• Distance covered in specific time period, such as 20 minutes on a bike, treadmill or rowing machine
    • Time to complete a 5K, 10K, or to swim a certain number of lengths of the pool
    • Participating in the same event from year to year is another way to measure improvements in physical performance

Try some of these, or make up your own over the next few months. For variety, you could do a workout once per month that consists of any number of these exercises. When you’re putting your workout together, do power movements, like jumps and sprints first, followed by strength exercises like the squat or pushups, and end with endurance exercises like running a 5K. You can also split them up on different days. Just be consistent each time you put yourself through the test.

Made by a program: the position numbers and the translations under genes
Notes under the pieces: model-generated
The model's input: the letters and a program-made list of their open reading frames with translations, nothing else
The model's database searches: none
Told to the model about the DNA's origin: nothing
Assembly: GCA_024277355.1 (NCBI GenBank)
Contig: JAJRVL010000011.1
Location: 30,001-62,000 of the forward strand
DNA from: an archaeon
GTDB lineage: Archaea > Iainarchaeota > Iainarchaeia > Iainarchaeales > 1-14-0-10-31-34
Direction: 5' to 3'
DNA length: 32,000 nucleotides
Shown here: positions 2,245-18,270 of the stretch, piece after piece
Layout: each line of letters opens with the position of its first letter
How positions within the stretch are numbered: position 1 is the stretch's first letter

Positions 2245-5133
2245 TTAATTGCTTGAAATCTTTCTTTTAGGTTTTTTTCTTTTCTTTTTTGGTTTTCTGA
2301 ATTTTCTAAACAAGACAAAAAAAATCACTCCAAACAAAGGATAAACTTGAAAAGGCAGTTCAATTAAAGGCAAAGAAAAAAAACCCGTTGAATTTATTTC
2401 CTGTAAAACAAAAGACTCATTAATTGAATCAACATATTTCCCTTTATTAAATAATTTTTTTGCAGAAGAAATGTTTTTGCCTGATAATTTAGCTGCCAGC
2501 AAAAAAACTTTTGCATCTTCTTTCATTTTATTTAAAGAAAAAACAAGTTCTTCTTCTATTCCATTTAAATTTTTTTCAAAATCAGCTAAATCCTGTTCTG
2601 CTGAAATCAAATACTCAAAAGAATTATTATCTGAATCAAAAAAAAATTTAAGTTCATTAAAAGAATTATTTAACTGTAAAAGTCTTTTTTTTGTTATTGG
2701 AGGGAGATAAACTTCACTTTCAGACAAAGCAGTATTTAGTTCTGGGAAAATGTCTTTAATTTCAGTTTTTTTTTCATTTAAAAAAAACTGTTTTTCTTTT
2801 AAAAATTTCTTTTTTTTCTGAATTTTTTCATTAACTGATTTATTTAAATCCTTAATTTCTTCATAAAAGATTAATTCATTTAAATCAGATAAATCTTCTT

Measuring Metabolic Progress

Of all the ways we can assess progress, measuring changes to your metabolism is probably the most foreign. Because your blood chemistry is such an important indicator of general health, and because it can be affected so much by nutrition and exercise, it’s wise to regularly get your blood chemistry tested. As part of a physical, people often have their lipid profiles and fasting glucose levels checked. They may also have their complete blood count (CBC) and Chem-26 levels measured. Those looking to be more proactive with their health may choose to do additional labs, or when they’re out of range, have them checked more frequently.